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Age-dependent changes of the normal human spine during adulthood


Rühli, Frank J; Müntener, M; Henneberg, M (2005). Age-dependent changes of the normal human spine during adulthood. American Journal of Human Biology, 17(4):460-469.

Abstract

The impact of aging on the morphology of the osseous spine is still debated. Clinical studies usually record combined aging effects, as well as age-related degenerative changes. The aim of this study was to determine the impact of (degeneration-independent) aging on the morphology of the osseous human spine during adulthood. Various osseous dimensions of human spinal landmarks at all major vertebral levels have been assessed in macroscopically normal Swiss skeletons (N = 71), with historically known sex and age at death, as well as in larger Central European skeletal samples (N = 277) with anthropologically determined individual age and sex. All measurements were correlated with individual age (or age group) by linear regression and analyzed separately for each sex. Only few osseous spinal dimensions, and only in men, correlate significantly with individual age. Generally, the significant dimensions show an increase in size during adulthood. Similar tendencies, but with significant alterations of spinal measurements in women as well, can be found in the larger samples with anthropologically determined sex and age group. Increase of certain spinal dimensions found in this study may be a reflection of an increase in the robustness of individuals with age. Because of the absence of a significant secular alteration of stature within the well-recorded sample, we exclude secular change in body dimensions as a major bias.

Abstract

The impact of aging on the morphology of the osseous spine is still debated. Clinical studies usually record combined aging effects, as well as age-related degenerative changes. The aim of this study was to determine the impact of (degeneration-independent) aging on the morphology of the osseous human spine during adulthood. Various osseous dimensions of human spinal landmarks at all major vertebral levels have been assessed in macroscopically normal Swiss skeletons (N = 71), with historically known sex and age at death, as well as in larger Central European skeletal samples (N = 277) with anthropologically determined individual age and sex. All measurements were correlated with individual age (or age group) by linear regression and analyzed separately for each sex. Only few osseous spinal dimensions, and only in men, correlate significantly with individual age. Generally, the significant dimensions show an increase in size during adulthood. Similar tendencies, but with significant alterations of spinal measurements in women as well, can be found in the larger samples with anthropologically determined sex and age group. Increase of certain spinal dimensions found in this study may be a reflection of an increase in the robustness of individuals with age. Because of the absence of a significant secular alteration of stature within the well-recorded sample, we exclude secular change in body dimensions as a major bias.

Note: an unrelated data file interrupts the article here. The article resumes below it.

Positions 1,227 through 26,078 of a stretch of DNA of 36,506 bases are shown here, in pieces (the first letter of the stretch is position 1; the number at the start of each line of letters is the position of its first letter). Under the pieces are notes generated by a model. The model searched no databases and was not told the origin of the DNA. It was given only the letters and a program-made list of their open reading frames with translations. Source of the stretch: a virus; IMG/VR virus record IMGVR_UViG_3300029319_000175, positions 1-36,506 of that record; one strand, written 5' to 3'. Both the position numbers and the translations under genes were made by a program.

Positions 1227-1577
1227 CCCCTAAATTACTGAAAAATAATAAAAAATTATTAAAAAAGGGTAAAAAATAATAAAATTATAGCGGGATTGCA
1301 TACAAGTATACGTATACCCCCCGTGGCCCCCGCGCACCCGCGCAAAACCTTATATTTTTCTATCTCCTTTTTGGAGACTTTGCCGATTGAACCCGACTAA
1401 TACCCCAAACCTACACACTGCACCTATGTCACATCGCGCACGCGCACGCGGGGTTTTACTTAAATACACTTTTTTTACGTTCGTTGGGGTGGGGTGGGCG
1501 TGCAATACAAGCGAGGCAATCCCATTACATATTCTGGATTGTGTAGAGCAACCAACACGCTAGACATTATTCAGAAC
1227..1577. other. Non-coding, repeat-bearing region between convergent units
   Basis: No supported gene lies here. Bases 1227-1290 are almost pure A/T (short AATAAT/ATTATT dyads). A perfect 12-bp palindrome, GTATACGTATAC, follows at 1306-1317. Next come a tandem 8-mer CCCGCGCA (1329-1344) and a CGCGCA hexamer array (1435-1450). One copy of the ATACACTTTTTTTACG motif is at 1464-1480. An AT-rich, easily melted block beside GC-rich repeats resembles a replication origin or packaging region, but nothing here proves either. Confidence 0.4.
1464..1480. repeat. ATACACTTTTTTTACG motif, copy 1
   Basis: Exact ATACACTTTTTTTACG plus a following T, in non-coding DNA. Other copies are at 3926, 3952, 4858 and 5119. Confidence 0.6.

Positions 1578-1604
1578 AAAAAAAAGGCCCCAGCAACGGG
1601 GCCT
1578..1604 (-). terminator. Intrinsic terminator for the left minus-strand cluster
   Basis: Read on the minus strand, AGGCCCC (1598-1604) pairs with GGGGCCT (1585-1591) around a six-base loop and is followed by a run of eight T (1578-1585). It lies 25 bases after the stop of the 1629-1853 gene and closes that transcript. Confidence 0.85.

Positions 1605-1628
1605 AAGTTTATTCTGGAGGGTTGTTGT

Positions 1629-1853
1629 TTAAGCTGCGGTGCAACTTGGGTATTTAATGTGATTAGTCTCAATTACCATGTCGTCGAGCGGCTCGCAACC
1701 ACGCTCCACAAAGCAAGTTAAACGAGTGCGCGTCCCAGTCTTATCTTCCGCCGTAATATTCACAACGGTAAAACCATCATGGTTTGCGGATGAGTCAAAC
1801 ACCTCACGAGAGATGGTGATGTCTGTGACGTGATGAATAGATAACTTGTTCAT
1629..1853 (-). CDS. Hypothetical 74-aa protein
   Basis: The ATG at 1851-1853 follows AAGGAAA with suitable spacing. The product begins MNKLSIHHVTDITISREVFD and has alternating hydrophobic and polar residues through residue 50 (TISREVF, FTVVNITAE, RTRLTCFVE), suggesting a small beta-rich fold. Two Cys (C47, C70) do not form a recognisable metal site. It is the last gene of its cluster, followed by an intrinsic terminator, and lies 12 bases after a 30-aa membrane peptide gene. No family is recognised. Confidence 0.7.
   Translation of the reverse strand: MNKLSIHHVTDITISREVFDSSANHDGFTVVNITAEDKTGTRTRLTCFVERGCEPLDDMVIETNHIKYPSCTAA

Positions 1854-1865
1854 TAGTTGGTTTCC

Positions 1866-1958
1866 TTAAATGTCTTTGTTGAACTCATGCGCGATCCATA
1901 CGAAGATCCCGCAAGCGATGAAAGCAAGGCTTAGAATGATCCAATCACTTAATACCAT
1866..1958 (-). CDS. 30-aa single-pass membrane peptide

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Additional indexing

Item Type:Journal Article, refereed, original work
Communities & Collections:04 Faculty of Medicine > Institute of Evolutionary Medicine
04 Faculty of Medicine > Institute of Anatomy
Dewey Decimal Classification:570 Life sciences; biology
610 Medicine & health
Language:English
Date:July 2005
Deposited On:23 Mar 2010 13:34
Last Modified:05 Apr 2016 13:53
Publisher:Wiley-Blackwell
ISSN:1042-0533
Publisher DOI:https://doi.org/10.1002/ajhb.20403
PubMed ID:15981187

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